Archive for the ‘Artwork’ Category

Thinking Differently about What We See and Hear

Web Image of "CloudWave"

Dave Tilton, CloudWave, ©2008

“All that you are really doing when you’re collecting stuff from space is that you’ve got to get that information into your brain so you can think about it.  And what we’re used to doing is putting visual information into our brains – well there’s no real reason why we shouldn’t listen to signals.” (Dr. Tim O’Brien, of Manchester University’s Jodrell Bank Centre for Astrophysics, discussing the technique called “stellar seismology” which is used to record sounds by interpreting light waves recorded through telescopes).*

We live in a world composed of energy, and as human beings, we transform that energy into amazing things.

The three cones in the human eye divide up photons in the visible portion of the electromagnetic spectrum to create color and our minds turns those photons into Rothkos, Rembrandts, and sunsets.

Our ears sense differentials in air pressure (sinusoidal plane waves traveling through the matter that surrounds us) to create sound and our minds turn those waves into Beethoven, Eno, and traffic noise.

Sensing takes place in our organs; making sense takes place in our minds.

For me, the line between hearing and seeing is thin and malleable, or even fuzzy and blurry.  Energy is translated into sight and sound by our eyes and ears and turned into art and music in our minds.  Do I need sine waves to hear music in my mind?  Do I need photons to see art in my mind?  Some may call this imagining, but for me it is a willful reconfiguration of my sensory experience.  This reconfiguration is the basis for my art.

A while back I was talking to someone about my techniques being modeled after techniques used in synthesizing and composing electronic music.  He responded by stating flatly, “Sound is temporal.  Image is static.”

I say, “Sure, kind of, maybe.  But what can we learn by thinking differently?”

* Science is beginning to ‘listen’ to stars by measuring what they see through telescopes.  In 2008, scientists recorded the sound of three stars similar to our Sun using France’s Corot space telescope.  According to BBC News Science correspondent, Pallub Ghosh:  The technique, called “stellar seismology,” is becoming increasingly popular among astronomers because the sounds give an indication of what is going on in the stars’ interior.  Just as seismic waves moving through Earth provide information about our planet’s insides, so sound wave traveling through a star carry information about its inner workings.  The Corot detects the oscillations as subtle variations in the light emitted by a star as its surface wobbles.  This light signal can then be converted back to sounds we understand.  In addition to Dr. Tim O’Brien, Ghosh also quotes Professor Eric Michel of the Paris Observatory as saying, “This is a completely new way to look at the stars compared with what has been available for the past 50 years.  It is very exciting.”  Read Ghosh’s full article to learn more:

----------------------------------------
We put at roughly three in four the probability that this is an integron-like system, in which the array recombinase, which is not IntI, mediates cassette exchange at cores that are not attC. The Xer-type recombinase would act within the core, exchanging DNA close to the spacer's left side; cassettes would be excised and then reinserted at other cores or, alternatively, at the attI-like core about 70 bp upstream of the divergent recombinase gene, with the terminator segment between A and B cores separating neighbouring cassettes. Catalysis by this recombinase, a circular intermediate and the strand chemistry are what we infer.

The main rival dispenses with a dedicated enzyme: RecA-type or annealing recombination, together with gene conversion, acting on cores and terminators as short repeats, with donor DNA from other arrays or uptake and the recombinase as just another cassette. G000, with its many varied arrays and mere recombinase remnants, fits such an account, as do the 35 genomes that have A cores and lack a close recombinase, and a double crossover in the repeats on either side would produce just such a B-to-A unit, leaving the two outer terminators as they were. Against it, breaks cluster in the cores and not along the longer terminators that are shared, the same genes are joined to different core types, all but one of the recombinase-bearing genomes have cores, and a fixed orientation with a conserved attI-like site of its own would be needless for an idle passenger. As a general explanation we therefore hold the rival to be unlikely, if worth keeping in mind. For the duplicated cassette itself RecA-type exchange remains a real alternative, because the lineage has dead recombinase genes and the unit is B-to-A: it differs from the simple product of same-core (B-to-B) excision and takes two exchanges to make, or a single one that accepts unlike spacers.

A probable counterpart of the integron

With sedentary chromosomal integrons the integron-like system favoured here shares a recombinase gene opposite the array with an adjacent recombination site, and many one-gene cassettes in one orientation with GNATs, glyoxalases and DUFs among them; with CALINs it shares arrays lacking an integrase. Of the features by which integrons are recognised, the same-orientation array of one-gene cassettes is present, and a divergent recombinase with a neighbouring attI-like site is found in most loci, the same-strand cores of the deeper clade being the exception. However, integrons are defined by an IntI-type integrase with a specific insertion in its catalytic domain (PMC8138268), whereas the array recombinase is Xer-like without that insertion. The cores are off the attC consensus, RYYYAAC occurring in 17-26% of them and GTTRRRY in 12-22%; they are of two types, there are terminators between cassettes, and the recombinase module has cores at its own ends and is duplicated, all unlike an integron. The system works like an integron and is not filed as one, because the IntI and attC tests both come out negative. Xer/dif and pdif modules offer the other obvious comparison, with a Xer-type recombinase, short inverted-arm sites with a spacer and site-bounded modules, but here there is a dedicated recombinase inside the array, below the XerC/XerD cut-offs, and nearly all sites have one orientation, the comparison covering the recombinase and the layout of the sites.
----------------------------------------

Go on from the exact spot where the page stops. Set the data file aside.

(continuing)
Morning Reverb

“A fundamental concept of Ambient music is the need to listen closely to sounds that are a familiar part of daily life, but which rarely if ever are given the attention they deserve.” (Peter Manning, Electronic and Computer Music, 2004, p177)

Web Image of "Morning Reverb" by Dave Tilton

Morning Reverb (36 x 48 inches) (2013) Edition of 6 © Dave Tilton

The reverberation of sound led me to consider how time of day resonates in a landscape. Morning Reverb reflects the lingering aspects of a sunrise despite the fleeting nature of the event.

A while back I was doing some reading about ADSR envelopes.  An ADSR envelope is used in electronic music synthesis to control the Attack, Decay, Sustain and Release parameters of a sound (more about this later).  ADSR envelopes serve as a model for some of the techniques I developed to create textures for my art.

It was early morning.  I was sitting on my porch, having a cup of coffee and the sun was starting to rise.  I put down my reading to watch and it occurred to me that the event we refer to as sunrise actually has a number of components.  There is the time when the sun’s rays just begin to take the dark out of night and color a spot on the horizon.  As the sun emerges it becomes the focus until it reaches full circle and breaks free of the horizon.  Then the focus shifts to the light that floods land and sky with color and shadow.  Eventually, the color begins to shift and shadows fade as remnant reds transition to the full light of day.  As I thought about this component structure, I realized it shares a great deal of similarity with the structure of sound.

Envelopes are used in synthesis as temporal constructs to give shape to a sound.  Virtually all sound can be characterized by how its loudness and spectral content change over time.  A tap on a snare drum will have a sharp, loud attack with a short sustain, decay and release.  A note played on a violin will have a more gradual attack and a longer sustain, decay and release.